Book Chapters

This chapter focuses on the use of mandatory pre-dispute arbitration clauses in a subset of consumer contracts – those involving consumer finance and investor products and services. Arbitration clauses are pervasive in financial contracts – for credit cards, bank accounts, auto loans, broker-dealer services, and many others. In the wake of the recent financial crisis, Congress enacted the Dodd-Frank Wall Street Reform and Consumer Protection Act of 2010 (Dodd-Frank). Dodd-Frank authorises the new Consumer Financial Protection Bureau (CFPB) and the Securities and Exchange Commission (SEC) to prohibit or condition the use of arbitration clauses in consumer finance and investment contracts, …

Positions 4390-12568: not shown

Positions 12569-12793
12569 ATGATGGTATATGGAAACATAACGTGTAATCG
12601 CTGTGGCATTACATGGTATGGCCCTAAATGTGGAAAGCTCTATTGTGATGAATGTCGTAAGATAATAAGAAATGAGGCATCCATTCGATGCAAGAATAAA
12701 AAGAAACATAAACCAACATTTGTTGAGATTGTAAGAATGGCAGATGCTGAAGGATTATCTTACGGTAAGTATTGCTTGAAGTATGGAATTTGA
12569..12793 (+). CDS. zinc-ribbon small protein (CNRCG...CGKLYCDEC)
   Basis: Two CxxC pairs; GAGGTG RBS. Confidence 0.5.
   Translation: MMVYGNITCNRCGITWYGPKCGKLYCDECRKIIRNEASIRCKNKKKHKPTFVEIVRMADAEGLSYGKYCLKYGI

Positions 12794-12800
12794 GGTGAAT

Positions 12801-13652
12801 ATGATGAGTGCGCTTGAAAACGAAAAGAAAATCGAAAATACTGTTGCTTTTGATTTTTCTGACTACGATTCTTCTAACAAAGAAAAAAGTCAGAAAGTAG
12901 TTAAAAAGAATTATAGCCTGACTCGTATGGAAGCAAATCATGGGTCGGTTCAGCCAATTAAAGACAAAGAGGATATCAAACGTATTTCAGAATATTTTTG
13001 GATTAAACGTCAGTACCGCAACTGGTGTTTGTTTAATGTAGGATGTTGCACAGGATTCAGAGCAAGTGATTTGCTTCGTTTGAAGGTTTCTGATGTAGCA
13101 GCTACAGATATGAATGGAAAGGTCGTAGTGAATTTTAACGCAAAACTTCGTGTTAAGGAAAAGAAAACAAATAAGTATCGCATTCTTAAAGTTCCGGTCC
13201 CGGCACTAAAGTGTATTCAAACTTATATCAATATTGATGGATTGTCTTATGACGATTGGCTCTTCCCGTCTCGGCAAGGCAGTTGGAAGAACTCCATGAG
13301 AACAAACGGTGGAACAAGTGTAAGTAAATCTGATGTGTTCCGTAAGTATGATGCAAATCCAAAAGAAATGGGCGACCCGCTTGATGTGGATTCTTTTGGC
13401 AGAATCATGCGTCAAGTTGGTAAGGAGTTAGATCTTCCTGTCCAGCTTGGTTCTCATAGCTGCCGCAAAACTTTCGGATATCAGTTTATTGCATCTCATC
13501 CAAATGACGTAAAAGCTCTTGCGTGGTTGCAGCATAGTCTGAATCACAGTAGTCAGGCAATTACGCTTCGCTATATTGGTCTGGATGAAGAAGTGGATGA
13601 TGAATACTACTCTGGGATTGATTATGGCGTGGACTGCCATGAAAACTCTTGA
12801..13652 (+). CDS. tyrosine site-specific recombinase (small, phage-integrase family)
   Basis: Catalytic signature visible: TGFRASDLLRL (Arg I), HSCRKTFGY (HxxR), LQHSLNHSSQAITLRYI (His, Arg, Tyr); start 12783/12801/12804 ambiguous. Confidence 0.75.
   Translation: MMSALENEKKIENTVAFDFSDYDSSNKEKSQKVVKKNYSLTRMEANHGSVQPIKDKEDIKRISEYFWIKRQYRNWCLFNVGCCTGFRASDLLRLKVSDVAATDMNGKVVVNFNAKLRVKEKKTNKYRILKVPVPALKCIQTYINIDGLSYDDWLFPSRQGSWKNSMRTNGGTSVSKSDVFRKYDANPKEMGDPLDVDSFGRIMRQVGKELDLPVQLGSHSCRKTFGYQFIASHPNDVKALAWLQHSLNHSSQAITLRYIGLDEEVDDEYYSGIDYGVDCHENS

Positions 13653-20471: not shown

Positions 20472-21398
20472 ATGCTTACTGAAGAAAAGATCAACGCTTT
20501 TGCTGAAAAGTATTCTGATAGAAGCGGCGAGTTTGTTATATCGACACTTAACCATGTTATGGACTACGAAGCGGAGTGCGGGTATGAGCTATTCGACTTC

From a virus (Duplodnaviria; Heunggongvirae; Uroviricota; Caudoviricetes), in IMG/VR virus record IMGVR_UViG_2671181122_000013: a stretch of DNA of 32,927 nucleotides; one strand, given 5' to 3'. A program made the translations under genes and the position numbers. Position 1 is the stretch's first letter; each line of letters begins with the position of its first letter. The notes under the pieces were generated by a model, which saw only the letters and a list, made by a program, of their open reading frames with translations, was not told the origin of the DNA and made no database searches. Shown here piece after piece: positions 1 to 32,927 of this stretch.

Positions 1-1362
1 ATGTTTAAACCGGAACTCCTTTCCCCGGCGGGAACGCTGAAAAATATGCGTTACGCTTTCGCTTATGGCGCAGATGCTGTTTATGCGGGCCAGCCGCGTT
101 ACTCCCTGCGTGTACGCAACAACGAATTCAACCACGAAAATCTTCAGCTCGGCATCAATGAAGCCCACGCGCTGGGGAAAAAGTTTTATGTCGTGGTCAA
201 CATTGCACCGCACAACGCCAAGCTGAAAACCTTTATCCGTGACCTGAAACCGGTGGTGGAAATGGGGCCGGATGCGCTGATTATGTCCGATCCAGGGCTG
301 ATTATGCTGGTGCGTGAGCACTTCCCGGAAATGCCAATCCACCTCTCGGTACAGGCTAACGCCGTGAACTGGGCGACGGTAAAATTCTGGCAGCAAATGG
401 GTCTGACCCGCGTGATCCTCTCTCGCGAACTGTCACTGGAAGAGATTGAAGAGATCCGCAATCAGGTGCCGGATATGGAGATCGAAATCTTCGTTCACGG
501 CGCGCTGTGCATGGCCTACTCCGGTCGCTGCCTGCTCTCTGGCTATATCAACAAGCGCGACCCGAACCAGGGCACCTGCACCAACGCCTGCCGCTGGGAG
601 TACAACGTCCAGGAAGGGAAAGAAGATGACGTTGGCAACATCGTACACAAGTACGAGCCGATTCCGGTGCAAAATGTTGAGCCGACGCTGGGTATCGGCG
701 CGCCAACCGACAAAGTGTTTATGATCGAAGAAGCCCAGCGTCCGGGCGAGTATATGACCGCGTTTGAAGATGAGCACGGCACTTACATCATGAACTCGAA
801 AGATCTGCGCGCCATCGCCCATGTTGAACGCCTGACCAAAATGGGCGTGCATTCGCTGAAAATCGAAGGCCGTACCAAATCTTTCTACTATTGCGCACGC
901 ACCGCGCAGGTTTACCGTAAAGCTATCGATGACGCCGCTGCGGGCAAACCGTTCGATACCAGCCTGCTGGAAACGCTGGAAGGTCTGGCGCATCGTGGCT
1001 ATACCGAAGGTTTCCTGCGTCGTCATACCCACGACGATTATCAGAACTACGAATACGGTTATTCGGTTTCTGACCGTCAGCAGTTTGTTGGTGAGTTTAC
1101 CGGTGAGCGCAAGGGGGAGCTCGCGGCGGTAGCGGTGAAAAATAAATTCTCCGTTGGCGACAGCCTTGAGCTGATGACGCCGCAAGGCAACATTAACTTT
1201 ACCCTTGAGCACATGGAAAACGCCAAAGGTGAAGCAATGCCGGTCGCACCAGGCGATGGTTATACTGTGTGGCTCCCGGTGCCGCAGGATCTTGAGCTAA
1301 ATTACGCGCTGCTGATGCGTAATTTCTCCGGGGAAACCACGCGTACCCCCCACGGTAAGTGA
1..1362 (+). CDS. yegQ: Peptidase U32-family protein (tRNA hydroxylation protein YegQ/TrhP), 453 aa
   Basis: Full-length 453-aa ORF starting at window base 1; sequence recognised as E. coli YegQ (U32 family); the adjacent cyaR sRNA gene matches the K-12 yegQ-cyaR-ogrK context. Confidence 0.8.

Mandatory Arbitration In Consumer Finance And Investor Contracts, Michael S. Barr Oct 2015

Mandatory Arbitration In Consumer Finance And Investor Contracts, Michael S. Barr

Articles

Mandatory pre-dispute arbitration clauses are pervasive in consumer financial and investor contracts—for credit cards, bank accounts, auto loans, broker-dealer services, and many others. These clauses often ill serve households. Consumers are typically presented with contracts on a “take it or leave it” basis, with no ability to negotiate over terms. Arbitration provisions are often not clearly disclosed, and in any event are not salient for consumers, who do not focus on the importance of the provision in the event that a dispute over the contract later arises, and who may misforecast the likelihood of being in such a dispute. The …


A Fresh Look At The Equal Credit Opportunity Act, Gail R. Reizenstein Jul 2015

A Fresh Look At The Equal Credit Opportunity Act, Gail R. Reizenstein

Akron Law Review